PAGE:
Popular Car Colors and What They Say About You

What’s written in the stars (or at least the owner’s manual) about your personality?

popular car colors

Our cars, in many ways, are reflections of ourselves. A hybrid model, for example, tends to signal an owner who cares about the environment, while a heavy-duty truck often implies an outdoorsy type or do-it-yourselfer. And a minivan that reads “Baby on Board” almost always indicates a driver who hasn’t had the time to shop for bumper stickers lately.

But one lesser-known way we can project our personalities is through the color we choose for our cars. While most of us only consider our ride’s tint a minor aesthetic detail, studies from CNW Marketing and Churchill Motor Insurance suggest that car color is more than just Plexiglass-deep.

So if car color and personality do go hand in hand, what does your vehicle’s paint job say about you?

Least popular car color: green

Popularity: Used by 3 percent of population.

Driver indications: Extremely confident, prone to dramatic mood swings

Our take: As this happens to be the car color of this humble scribe’s ride, I can say with complete confidence that green … was the only option left at the dealership.

Horoscope outlook: If you drive a green car … the alignment of the stars suggests you’re destined to find true love — or at least an embarrassing individual who looks remarkably like me waving ecstatically at you, his car-color twin (please wave back, please?).

Sixth most popular car color: blue

Popularity: Used by 8 percent of population.

Driver indications: Cautious, quiet, loyal, confident (if dark blue), insecure (if light blue), fairly even-keeled  

Our take: If these guys are any indication, there’s no limit to what donning this shade can do for a person.

Horoscope outlook: If you drive a blue car … you’ll find yourself making cautious decisions on the road — like obeying the speed limit or choosing a cup instead of cone when you get ice cream.

Fourth most popular car color: red

Popularity: Used by 10 percent of population.

Driver indications: Anxious, fiery and impetuous, energetic, quick-thinking

Our take: Not even the “Sean Connery” GPS voice setting can best a fresh coat of red paint when it comes to making a car seem like it’s way more handsome, polished, and charming than whatever you’re stuck driving.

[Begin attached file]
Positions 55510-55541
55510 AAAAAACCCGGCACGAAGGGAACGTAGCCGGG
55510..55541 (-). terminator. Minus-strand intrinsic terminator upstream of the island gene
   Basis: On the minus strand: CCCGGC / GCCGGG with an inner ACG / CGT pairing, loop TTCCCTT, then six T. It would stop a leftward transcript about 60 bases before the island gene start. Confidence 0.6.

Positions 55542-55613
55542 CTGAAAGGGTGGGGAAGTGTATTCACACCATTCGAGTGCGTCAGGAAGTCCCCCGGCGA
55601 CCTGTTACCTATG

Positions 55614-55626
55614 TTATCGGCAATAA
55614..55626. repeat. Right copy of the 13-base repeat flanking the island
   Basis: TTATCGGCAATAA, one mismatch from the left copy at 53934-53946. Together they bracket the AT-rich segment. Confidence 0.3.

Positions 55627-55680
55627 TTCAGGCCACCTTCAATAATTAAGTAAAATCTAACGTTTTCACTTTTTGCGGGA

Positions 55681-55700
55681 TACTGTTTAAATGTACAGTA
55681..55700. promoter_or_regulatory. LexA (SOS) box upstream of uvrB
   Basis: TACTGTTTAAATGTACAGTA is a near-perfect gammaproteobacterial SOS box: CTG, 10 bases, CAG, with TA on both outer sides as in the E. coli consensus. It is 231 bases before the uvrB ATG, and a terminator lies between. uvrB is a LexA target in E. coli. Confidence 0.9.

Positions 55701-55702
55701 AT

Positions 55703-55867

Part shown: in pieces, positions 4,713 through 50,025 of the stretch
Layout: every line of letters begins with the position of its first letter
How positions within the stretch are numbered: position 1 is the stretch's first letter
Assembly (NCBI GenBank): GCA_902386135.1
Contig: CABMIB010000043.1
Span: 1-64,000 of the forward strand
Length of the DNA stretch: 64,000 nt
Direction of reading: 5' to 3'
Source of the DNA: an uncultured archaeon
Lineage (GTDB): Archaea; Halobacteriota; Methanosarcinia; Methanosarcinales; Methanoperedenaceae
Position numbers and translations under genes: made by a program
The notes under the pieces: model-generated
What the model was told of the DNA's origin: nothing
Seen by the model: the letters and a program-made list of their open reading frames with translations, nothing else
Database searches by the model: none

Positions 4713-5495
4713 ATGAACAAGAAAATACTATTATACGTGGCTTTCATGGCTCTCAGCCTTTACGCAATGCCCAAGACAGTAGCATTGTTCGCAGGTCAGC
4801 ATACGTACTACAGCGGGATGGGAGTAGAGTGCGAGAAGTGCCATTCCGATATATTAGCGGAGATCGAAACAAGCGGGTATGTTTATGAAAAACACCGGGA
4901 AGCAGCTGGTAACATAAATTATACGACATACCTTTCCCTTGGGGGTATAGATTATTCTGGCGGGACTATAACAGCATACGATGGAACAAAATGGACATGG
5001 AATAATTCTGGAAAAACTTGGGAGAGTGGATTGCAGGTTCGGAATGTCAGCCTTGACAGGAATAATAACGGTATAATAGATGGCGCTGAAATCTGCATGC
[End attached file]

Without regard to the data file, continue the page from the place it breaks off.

Horoscope outlook: If you drive a red car … you will not (repeat NOT) automatically pay more for car insurance.

That’s right. We at Esurance are happy to put that false, chromatic-based cliché to bed in our insight exposing the myth that red cars cost more to insure.

Third most popular car color: silver

Popularity: Used by 16 percent of population.

Driver indications: Self-assured, unfailing, calm, almost aloof

Our take: The silver lining to sitting through all this psychology? Your car still looks so cool

Horoscope outlook: If you drive a silver car … an amazing opportunity will soon arise, er, maybe already has (depending on how much you’re valuing the opportunity to read this right now).

Second most popular car color: black

Popularity: Used by 19 percent of population.

Driver indications: Emotionally steady, elegant

Our take: As is standing policy at Esurance, if it’s good enough for Batman, it’s aces in our book.

Horoscope outlook: If you drive a black car with vanity plates and you parked in the back lot … your lights are on.

Most popular car color: white

Popularity: Used by 21 percent of population.

Driver indications: Fairly confident, slightly moody, resilient/bordering-on-unbreakable (the sheer number of car washings alone!)

Our take: Classic and simple, hard to beat.

Horoscope outlook: If you drive a white car … someone will soon contact you (I’m sensing it will be with “wash me” on your back windshield).

Did we get it right? Let us know in the comments section!

176 Responses to “Popular Car Colors and What They Say About You”

  1. Tina
    June 12, 2013 #

    My favorite part of the article is how it goes from 'least' to 'sixth' to 'fourth'. Where the fifth one?

  2. Noelle Clark Waters
    June 16, 2013 #

    While I didn't expect a scientifically sound article with appropriate controls and such I also didn't expect the humor! Thanks for a happy Sunday read.

  3. Yakima
    June 18, 2013 #

    I currently own a reddish brown 2000 Jeep Cherokee. Before that I had a Saturn coupe that was a silvery lavender-gray color that I hated; before that I had a reddish brown Mazda pickup, and before that I had a reddish brown Mazda GLC sedan(the sporty one before it was turned into a gutless econobox), before that a silver VW Rabbit, and in between I drove assorted vehicles that were white, Toyota mustard yellow, and a beige-tan color. My first car was a 1966 Chevelle Malibu wagon with the 283 small block, and it was reddish brown.

    I like the reddish brown because it is reasonably good at hiding dirt while not being plain white. I wish I could buy a car in Pullman Brown, a color very much like the UPS truck brown; both of those colors were specifically blended in order to hide dirt.

    My husband has a white F-150 that also is very good at hiding dirt.

    It's probably pretty obvious that we spend some time on dirt and gravel roads. B^)

  4. Plexiform
    June 21, 2013 #

    Basically this was an ad for esurance. Insurance companies are the devil! Worse than any drug….they've got us hooked.

    • eric berg
      July 27, 2013 #

      I thought insurance companies were useless to until someone sideswiped my car and drove off. 3 years of premiums paid off instantly.

  5. Mauro
    June 22, 2013 #

    I live in South Florida where the dust from the mainly limestone subsoil is white. White dust on any dark coloured car shows up immediately. I own two white cars and only have to wash them every 4 to 6 weeks (except if they have been near the salty air on the beach). Our tropical downpours do enough to keep them presentable. Pure practicality.

  6. Mike
    June 22, 2013 #